The impact of COVID-19 on orthopaedic trauma: A retrospective comparative study from a single university hospital in Italy

  • Valerio Andreozzi Department of Trauma and Orthopaedics, Sant’Andrea Hospital, Sapienza University of Rome, Italy.
  • Fabio Marzilli | marzillifab@gmail.com Department of Trauma and Orthopaedics, Sant’Andrea Hospital, Sapienza University of Rome, Italy. https://orcid.org/0000-0003-1670-2181
  • Mario Muselli Department of Life, Health and Environmental Sciences, University of L’Aquila, Italy.
  • Leonardo Previ Department of Trauma and Orthopaedics, Sant’Andrea Hospital, Sapienza University of Rome, Italy.
  • Matteo Romano Cantagalli Department of Trauma and Orthopaedics, Sant’Andrea Hospital, Sapienza University of Rome, Italy.
  • Giorgio Princi Department of Trauma and Orthopaedics, Sant’Andrea Hospital, Sapienza University of Rome, Italy.
  • Andrea Ferretti Department of Trauma and Orthopaedics, Sant’Andrea Hospital, Sapienza University of Rome, Italy.

Abstract

The COVID-19 outbreak strongly affected Italy, putting a strain on the National healthcare system. Hospitals quickly reorganized the activity to cope with the emergency. This retrospective comparative study aimed to analyze the impact of the lockdown imposed in Italy during the COVID-19 outbreak on acute orthopedic trauma, in order to identify critical issues for improvement and future planning. We collected data on all the trauma admissions to a single University hospital DEA (Department of Emergency and Acceptance) in Rome during the COVID- 19 pandemic lockdown in Italy, comparing them with the corresponding period in 2019. We reported demographic data; the characteristics of the injury, including the anatomical location, fracture, sprain, dislocation, contusion, laceration, whether the injury site was exposed or closed, where the injury occurred, and polytrauma. We also recorded the waiting time in the emergency room and mode of transportation. The study sample was composed of 1199 patients, 636 (53.04%) males and 563 (46.96%) females. The overall number of admissions in 2019 (pre-COVID-19 period) was 995; then it was 204 during COVID-19 outbreak in 2020. The average age of the 2020 group was 51.9 ± 24.8 years, significantly higher than that of the 2019 group (41.4 ± 25.7) (p<0.0001). In particular, elderly patients (≥65 years) were the most commonly involved in the COVID-19 group, while in the pre- COVID-19 period they were middle-aged adults (15-44 years) (p<0.0001). The injury occurred at home in 65.7% of cases in the 2020 group, and in 32.3% of patients in the 2019 group. Concerning the injury type, in both groups, the most common injury was a fracture (45.1% in 2019; 62.7% in 2020) (p<0.0001). The most injured anatomical location during COVID-19 lockdown was the hand (14.2%), while in the pre-COVID- 19 group the most frequent injury type was polytrauma (22.8%). Despite the decrease of overall acute trauma referral rates during the COVID-19 outbreak in Italy, the incidence of fractures in elderly individuals remained stable, indicating that not all trauma presentations would necessarily decrease during such times.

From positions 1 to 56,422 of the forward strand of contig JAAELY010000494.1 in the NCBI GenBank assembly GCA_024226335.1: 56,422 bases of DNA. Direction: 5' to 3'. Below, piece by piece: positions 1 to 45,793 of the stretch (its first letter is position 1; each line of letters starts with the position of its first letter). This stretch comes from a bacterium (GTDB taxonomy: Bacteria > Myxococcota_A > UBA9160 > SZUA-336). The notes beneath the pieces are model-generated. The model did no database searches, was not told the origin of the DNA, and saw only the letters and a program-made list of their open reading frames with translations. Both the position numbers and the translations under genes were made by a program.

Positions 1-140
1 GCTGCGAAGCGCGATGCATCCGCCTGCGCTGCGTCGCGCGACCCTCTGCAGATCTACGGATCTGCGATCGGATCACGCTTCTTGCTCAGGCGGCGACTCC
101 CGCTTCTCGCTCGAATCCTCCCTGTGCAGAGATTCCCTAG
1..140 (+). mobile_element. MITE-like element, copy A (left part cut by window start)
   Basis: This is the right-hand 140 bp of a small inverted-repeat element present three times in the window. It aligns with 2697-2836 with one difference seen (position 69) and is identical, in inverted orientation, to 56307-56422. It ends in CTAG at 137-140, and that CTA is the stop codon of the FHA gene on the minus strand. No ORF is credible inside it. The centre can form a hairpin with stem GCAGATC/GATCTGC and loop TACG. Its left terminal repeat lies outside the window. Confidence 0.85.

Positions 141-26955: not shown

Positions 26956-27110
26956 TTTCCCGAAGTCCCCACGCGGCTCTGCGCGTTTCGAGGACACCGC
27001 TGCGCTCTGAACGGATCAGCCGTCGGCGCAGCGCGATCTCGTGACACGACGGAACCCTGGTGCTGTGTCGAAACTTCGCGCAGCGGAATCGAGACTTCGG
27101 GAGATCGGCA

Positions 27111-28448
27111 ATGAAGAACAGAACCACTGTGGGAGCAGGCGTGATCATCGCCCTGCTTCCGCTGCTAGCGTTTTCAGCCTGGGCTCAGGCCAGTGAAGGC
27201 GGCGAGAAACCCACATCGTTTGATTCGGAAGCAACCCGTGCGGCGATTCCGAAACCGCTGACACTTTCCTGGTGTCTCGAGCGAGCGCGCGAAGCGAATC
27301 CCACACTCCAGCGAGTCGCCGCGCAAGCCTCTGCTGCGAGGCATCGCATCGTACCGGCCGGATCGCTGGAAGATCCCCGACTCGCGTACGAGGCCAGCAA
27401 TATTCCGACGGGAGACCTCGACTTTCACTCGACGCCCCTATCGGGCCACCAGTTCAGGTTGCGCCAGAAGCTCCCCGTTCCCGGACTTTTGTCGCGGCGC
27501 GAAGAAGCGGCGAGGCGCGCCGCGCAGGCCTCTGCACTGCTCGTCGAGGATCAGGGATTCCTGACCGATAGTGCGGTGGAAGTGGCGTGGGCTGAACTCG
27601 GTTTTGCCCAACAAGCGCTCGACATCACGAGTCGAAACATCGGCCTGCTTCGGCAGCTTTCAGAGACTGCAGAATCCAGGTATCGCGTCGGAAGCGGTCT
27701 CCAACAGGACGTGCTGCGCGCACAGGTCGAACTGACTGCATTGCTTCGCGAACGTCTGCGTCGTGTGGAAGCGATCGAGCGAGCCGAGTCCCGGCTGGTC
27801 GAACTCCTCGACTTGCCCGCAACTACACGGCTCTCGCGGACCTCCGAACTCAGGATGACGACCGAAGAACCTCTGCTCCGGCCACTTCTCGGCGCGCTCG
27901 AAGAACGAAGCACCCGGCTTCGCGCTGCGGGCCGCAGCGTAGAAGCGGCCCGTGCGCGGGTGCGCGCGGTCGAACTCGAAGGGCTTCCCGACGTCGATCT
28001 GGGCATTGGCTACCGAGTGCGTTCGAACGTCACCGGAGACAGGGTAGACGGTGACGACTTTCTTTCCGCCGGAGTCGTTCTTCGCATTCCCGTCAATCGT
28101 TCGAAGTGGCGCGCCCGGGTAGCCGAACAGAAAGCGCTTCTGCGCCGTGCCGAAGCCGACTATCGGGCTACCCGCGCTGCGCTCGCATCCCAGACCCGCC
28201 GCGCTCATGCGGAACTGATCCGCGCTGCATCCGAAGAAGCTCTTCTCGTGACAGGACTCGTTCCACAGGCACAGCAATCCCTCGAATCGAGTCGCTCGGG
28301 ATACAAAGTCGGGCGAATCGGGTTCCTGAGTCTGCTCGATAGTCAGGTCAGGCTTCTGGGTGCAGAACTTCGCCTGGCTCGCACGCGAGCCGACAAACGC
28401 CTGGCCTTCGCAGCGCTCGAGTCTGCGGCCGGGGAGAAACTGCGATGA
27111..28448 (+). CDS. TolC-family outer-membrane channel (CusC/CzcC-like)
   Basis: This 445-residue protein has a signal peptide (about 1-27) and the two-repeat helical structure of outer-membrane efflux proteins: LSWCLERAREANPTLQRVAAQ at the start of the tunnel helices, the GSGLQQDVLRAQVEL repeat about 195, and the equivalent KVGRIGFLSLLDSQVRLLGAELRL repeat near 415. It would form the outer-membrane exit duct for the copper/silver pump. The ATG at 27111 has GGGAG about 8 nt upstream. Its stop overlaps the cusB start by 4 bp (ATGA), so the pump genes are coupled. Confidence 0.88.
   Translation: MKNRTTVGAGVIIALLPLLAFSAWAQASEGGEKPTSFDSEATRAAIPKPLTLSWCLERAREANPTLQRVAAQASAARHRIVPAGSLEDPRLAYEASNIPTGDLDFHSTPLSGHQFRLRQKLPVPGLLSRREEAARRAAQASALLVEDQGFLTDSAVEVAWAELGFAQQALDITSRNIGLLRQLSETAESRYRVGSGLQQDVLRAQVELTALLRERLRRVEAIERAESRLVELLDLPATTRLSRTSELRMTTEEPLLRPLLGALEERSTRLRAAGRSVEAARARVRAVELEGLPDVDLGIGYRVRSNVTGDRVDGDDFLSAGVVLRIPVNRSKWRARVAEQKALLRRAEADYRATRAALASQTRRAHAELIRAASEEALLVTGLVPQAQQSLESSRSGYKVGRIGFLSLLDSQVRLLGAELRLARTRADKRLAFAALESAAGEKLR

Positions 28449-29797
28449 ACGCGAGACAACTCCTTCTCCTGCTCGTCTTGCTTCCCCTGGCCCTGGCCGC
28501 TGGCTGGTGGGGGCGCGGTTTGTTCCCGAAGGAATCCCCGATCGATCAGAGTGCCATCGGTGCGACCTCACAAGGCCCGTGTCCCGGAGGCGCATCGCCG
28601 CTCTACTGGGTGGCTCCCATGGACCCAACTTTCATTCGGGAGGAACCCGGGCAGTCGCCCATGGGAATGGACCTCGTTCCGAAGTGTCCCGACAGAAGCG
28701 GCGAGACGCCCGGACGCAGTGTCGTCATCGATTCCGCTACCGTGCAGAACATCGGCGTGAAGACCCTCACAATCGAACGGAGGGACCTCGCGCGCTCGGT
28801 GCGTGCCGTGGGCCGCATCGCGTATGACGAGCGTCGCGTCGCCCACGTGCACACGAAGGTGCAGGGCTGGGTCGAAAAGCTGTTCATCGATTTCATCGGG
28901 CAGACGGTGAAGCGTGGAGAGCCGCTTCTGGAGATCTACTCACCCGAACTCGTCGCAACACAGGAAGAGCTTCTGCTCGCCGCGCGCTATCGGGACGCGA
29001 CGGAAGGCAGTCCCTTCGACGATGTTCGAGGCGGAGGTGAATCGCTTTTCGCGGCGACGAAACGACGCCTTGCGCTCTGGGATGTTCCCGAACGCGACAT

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Published
2021-01-28
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Original Articles
Keywords:
COVID-19, SARS-CoV-2, Epidemiology, Orthopedic, Trauma, Fracture
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How to Cite
Andreozzi, V., Marzilli, F., Muselli, M., Previ, L., Cantagalli, M. R., Princi, G., & Ferretti, A. (2021). The impact of COVID-19 on orthopaedic trauma: A retrospective comparative study from a single university hospital in Italy. Orthopedic Reviews, 12(4). https://doi.org/10.4081/or.2020.8941